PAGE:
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A letter from Daniel

Daniel Pariken
My name is Daniel Pariken and I am the founder of Maasai Community Concern & Children Programme (MACCOP).

I was inspired by my father, who sold most of his possessions to provide me and my siblings with an education, and by the kindness of a lady who sponsored me to go to university. In 2011 I founded MACCOP to give my community hope and a chance to improve their living conditions, by actively involving volunteers who sharing knowledge and cultural experiences.

Here are a few reasons for why I founded this project, and felt passionate to make a change;

  • First I grew up in a poor family and my parents could only afford to provide us with one or two meals a week, and wanted to improve the living standards for future generations and their families.
  • I saw many children dropping out of school because their parents could not afford to take them to school, and this led to young Maasai boys and girls being forced into early marriages.
  • There were no hospitals, no schools, no roads and no one to advocate for real change.
  • HIV/Aids, maternal deaths and other preventable diseases made many children orphans and left them with an uncertain future.

All volunteers that come and work on the project make such a positive impact on this rural community, and I look forward to welcoming future international volunteers. If you have any questions regarding the project, please send me an email and I will respond ASAP. Further I assure you that you will have an experience of a lifetime in the country of wonders. Congratulations on choosing to make a significant difference in Kenya. We look forward to meeting you and welcoming you into our Maasai community!

Best regards,

Daniel Pariken, Project Coordinator – Maasai Kenya
Mobile +254 722 846 96
E-mail: pariken@maccopkenya.org
P.O Box 822-00208 Ngong Hills, Kenya

Meet the Team

MACCOP Coordinators based in Olasiti Village. All of the coordinators will support volunteers during their stay, by doing the following:
  • Orientation – Welcoming you to the project, giving you a tour around the village & local town.
  • Deal with any problems or worries you may have.
  • Help organise what projects you would like to volunteer for during your stay.
  • They can help you arrange transport into town.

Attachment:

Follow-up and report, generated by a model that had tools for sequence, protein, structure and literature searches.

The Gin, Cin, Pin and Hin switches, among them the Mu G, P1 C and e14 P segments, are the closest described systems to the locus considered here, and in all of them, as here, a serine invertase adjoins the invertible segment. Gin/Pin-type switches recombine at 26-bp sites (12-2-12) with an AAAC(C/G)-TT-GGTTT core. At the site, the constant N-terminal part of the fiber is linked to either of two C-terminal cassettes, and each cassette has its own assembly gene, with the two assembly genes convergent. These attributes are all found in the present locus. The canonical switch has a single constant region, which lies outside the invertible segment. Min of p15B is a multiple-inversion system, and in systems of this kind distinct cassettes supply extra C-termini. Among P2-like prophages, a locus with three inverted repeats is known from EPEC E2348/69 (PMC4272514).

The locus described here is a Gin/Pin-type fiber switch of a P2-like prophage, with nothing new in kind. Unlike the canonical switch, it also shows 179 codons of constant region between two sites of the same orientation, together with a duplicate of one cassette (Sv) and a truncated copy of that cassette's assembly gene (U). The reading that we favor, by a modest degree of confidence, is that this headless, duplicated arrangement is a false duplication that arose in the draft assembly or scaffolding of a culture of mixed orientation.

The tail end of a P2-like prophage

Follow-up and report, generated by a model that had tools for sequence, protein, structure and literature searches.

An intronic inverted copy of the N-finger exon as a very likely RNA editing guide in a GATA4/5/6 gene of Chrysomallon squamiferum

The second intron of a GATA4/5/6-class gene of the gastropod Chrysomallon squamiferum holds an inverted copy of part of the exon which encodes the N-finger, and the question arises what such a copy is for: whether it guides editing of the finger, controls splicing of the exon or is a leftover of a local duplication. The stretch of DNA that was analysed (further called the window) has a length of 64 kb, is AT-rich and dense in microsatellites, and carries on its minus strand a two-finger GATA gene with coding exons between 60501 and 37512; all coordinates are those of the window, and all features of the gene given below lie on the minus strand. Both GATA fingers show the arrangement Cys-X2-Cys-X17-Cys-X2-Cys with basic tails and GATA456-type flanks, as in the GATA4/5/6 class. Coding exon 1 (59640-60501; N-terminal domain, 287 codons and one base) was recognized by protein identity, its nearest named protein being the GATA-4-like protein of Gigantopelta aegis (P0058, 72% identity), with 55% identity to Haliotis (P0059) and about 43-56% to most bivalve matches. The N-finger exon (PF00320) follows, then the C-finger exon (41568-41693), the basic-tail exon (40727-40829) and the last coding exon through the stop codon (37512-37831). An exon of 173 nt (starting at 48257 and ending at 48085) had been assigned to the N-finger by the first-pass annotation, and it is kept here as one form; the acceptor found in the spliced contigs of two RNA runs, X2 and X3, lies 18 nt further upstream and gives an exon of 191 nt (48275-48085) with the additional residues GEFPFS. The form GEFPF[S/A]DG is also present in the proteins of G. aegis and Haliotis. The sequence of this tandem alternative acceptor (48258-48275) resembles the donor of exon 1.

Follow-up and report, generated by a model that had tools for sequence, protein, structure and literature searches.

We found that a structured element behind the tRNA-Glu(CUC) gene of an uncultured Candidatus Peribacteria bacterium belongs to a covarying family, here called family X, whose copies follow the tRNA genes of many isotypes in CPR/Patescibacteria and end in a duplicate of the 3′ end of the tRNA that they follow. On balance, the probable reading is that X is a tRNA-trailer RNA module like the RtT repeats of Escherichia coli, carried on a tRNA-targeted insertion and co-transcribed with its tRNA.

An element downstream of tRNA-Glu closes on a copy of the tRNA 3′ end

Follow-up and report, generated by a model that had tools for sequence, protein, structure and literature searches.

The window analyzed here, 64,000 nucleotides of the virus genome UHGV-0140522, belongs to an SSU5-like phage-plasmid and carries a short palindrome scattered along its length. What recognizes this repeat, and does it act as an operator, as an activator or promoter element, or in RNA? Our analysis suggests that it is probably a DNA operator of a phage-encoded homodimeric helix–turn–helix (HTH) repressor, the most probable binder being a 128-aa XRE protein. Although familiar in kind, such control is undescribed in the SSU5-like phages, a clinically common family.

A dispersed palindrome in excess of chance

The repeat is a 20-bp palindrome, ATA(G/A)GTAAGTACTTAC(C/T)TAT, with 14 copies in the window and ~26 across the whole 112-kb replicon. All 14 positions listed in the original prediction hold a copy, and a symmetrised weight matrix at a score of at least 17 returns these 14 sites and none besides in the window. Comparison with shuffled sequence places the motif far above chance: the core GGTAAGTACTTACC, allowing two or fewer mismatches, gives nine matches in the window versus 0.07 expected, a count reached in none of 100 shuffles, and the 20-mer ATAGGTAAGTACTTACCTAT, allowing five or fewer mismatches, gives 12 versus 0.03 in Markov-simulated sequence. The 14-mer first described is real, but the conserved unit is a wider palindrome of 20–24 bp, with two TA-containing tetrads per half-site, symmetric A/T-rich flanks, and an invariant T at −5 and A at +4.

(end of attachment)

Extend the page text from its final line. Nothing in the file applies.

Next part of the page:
• Give you guided tours around the local area, such as the Giraffe Walk.
  • Help to organise the trips available during free time.
  • Support volunteers with any activities they wish to plan & facilitate.
Francis Leteipan
Francis Leteipan
In Country Project Coordinator
Josphat Tajeu
Josphat Tajeu
Team Manager & Treasurer
Daniel Ntayia Backson
Daniel Ntayia Backson
Coordinator for Garden & Agriculture
Riyies Lemayian Derrick
Riyies Lemayian Derrick
Coordinator of Renovations & Construction
Ann Shiko
Ann Shiko
Coordinator for Health & Medical/Children’s Home
Prescilla Namnyak
Prescilla Namnyak
Coordinator for the Children’s Home
Jane Naishorua
Jane Naishorua
Coordinator for the School
Claire Renn
Claire Renn (Naserian)
International Volunteer Coordinator

History

ABOUT OLASITI VILLAGE

Olasit is a traditional Maasai village where interconnected families of the clan live in peace, without any electricity, internet or running water. Living off the land and the animals, we live as we have for centuries – proudly Maasai. While the modern world slowly transforms Maasai communities across East Africa, our community is challenged to strike a balance between positive change and maintaining our traditions and identity.

Olasiti villages lie on the leeward side of the Ngong Hills, 14kms from Ngong Town and 60km West of Nairobi, the capital city of Kenya. The landscape is characterized by bold rugged rocky hills of the Rift Valley. The area is covered by the dry savannah grassland vegetation which is dominated by Acacia shrubs/trees. There are few seasonal rivers and several marshes. There are true volcanic soils which are ideal in the growing of various foodstuffs and for the pastures of both domestic and wild animals.

Hundreds of years ago the Masai including the those at Olasiti Village lived in huts made of twigs and sticks, recently due to the scarcity of wood following droughts, many families live in simple shelters made from corrugated metal.

In the morning animal noises start early so you might not need an alarm clock! Health centres are located in the Masai land at Oloosho-oibor and Ilkilorit villages and Ngong town. Ngong is the closest town to the Masai villages over the ridge. It is a 1.5 hour walk through pleasant wooded countryside.

There is a great community spirit in the Masai People at Olasiti, away from the hustle and bustle of the city of Nairobi, by contrast everyone here knows each other, looks out for one another and as a consequence, crime is virtually non-existent.

In Olasiti, the morning silence is broken by the birds and the cow bells of the waking herds. The symphony is a marvellous alarm clock. Very early fires are started so that tea and ugali (ground maize) can be served before the young warriors take their herds out to graze and find water. When water is scarce, their journey can take hours. Water is the source of all life in our Maasai world. Lives depend on rainy seasons each year.

Maasai have a rich and colorful cultural heritage which you can learn all about during your stay. The Olasiti landscape has changed over time and you can enjoy stories from the elders in our village, who remember when there were lions, rhino, zebra and giraffe roaming freely and about the traditions of the transformation from Maasai boy to a Maasai Warrior and the rituals involved.